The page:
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Missoula's gravestones run the gamut, from small, temporary cement slabs, which often stick around for decades, to a massive block of hand-cut India granite that stands about five feet tall and, according to Waters, likely costs in the neighborhood of $65,000.
Somewhere between those two extremes sits the boulder gravestone belonging to architect A.J. Gibson. Gibson's emphasis on building with stone and brick rather than wood, which is vulnerable to fires and erosion, helped reshape Missoula's landscape. With his emphasis on longevity, Gibson helped brand the growing community a permanent social and commercial hub.
Gibson and his wife, Maud Lockley, died when a train hit their car on New Year's Eve in 1927. He was 65. Speaking perhaps to his love of design, Gibson's headstone quotes the song "America": "I love thy rocks and rills, thy woods and templed hills..."
Final words like Gibson's fill the cemetery. For instance, there's the suicide note a family had engraved in white lettering on a 14-year-old girl's marker. The final note was taken from a poem originally penned by an anonymous author. "I turned my back and left it all...," it reads. "Tasks left undone must stay that way, I've found that peace at the end of the day."
Walking from the young girl's stone, Waters points to another thing that fills the cemetery: pennies. Tradition holds that a penny left graveside signals the deceased was visited and therefore held in high esteem. Waters says there's one stone down the way that's had the same penny on it for eight years.
Waters pulls his jacket tighter against the late winter breeze and talks about lessons to be learned at the cemetery. After all, it's tough not to grow watching grieving neighbors grapple with loss.
"I think that people just don't appreciate life enough," he says. "People are too stressed. They're always doing stuff to other people. Families are doing stuff to each other. And when it's all taken away from you, you realize all the stuff you shouldn't have done or maybe you should have done. You get to start to be more sympathetic, more understanding, more compassionate and really start to understand the true meaning of helping people, especially through hard times."
With a yellow measuring tape, two groundskeepers in baggy blue work pants mark the spot, then slice a niche through grass with a shovel. There's only a foot between graves in many places, so there's not much room for error when digging a grave.
Today the groundskeepers are burying cremains, or the ashes of someone recently cremated. The cremains fill a small pine box wrapped in a green velvet bag. The men place the package into a white "poly vault" that looks like a cooler and acts as protection from the elements. There's no family here on this mid-March day. The woman goes into the ground alone.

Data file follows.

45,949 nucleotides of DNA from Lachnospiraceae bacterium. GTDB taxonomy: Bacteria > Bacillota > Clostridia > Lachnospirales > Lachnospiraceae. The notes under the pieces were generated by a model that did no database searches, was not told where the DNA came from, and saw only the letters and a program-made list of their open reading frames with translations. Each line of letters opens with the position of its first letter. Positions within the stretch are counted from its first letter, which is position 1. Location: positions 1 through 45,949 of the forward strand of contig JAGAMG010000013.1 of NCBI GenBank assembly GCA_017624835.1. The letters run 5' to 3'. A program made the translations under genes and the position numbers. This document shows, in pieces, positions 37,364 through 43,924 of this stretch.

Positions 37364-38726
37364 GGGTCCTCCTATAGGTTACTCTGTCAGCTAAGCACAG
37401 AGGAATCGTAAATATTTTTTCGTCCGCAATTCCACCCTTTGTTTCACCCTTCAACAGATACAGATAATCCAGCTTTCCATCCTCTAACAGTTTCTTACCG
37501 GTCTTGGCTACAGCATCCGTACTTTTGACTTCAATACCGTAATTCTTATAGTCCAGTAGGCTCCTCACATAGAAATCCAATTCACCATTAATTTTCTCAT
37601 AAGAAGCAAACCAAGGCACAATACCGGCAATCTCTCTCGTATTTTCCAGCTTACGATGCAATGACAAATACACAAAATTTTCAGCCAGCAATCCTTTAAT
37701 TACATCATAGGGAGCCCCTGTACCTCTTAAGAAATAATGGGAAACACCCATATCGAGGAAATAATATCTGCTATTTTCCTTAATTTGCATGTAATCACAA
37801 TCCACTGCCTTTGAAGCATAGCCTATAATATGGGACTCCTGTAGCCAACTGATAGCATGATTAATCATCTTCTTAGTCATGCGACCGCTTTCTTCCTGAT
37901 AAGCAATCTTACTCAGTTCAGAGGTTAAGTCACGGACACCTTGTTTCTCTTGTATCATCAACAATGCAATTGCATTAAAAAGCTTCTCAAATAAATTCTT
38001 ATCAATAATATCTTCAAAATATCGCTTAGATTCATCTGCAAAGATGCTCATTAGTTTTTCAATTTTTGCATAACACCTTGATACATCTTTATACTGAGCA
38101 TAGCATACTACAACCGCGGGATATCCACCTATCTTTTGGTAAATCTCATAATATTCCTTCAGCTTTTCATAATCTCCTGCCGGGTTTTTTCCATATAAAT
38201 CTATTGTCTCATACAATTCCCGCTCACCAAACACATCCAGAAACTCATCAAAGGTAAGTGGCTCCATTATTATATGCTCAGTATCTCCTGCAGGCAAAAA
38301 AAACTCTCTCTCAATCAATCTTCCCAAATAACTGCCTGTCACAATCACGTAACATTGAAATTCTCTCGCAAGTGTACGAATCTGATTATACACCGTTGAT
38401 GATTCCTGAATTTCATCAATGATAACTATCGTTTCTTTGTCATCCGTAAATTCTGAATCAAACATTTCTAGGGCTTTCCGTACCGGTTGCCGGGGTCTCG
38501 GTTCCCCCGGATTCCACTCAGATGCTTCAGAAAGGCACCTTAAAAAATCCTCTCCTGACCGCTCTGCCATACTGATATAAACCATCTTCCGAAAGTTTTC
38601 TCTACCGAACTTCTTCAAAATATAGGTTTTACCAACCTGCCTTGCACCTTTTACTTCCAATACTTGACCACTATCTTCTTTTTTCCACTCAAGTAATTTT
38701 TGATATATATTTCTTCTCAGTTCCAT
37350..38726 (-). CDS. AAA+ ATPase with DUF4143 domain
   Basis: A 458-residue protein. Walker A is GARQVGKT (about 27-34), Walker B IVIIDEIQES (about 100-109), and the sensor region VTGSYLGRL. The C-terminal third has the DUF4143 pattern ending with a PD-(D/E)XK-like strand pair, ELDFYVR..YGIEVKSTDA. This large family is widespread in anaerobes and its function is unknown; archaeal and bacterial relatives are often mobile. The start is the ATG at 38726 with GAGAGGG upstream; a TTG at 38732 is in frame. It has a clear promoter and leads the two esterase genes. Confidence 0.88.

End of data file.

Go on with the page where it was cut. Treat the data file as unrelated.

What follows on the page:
"I don't know if she has any family," says Ron Regan, the cemetery's maintenance manager. "We don't get into the history too much out here. We're the gravediggers."
For the past 10 years, Regan, a 51-year-old Missoula native, has overseen the facility's grounds-keeping operation. The job involves ensuring burials and funerals go smoothly, keeping the lawn up to snuff and being a professional empath of sorts. He thinks less of the cemetery's past or future, and stays focused on the day-to-day responsibilities.
The biggest worry for Regan—and a universal fear among gravediggers, he says—involves the possibility that someone could be buried in the wrong place.
"We double check that three times before we even dig. That's a big one, because if that ever happened it would be a bad scenario," he says. "Don't ever think it can't happen. In cemeteries around the world it's happened."
There's never been a mix-up like that under his watch, Regan says. Although, there was some confusion years ago surrounding where to inter a woman who had remarried her brother-in-law.
"When the family got out there, it was wrong," he says. "They didn't want her buried next to their uncle. They wanted her buried next to dad."
Regan handled the mix-up before the woman went into the ground. Situations like that highlight the surprising complexities of a gravedigger's job.
"You have to be able to read these people," Regan says. "How many times do you go to the hospital and visit a friend and say, 'How are you feeling?' You know, 'How do you think I'm feeling? I'm here'...[You] ain't doing well, usually, if you're at the cemetery."
Graves present hazards, too. As coffins decompose, dirt sinks into them, creating soft patches of land. On the surface, though, the grass remains tout. The result leaves an invisible void, which amounts to a booby trap—more humorous than dangerous—that someone can step into, and then fall.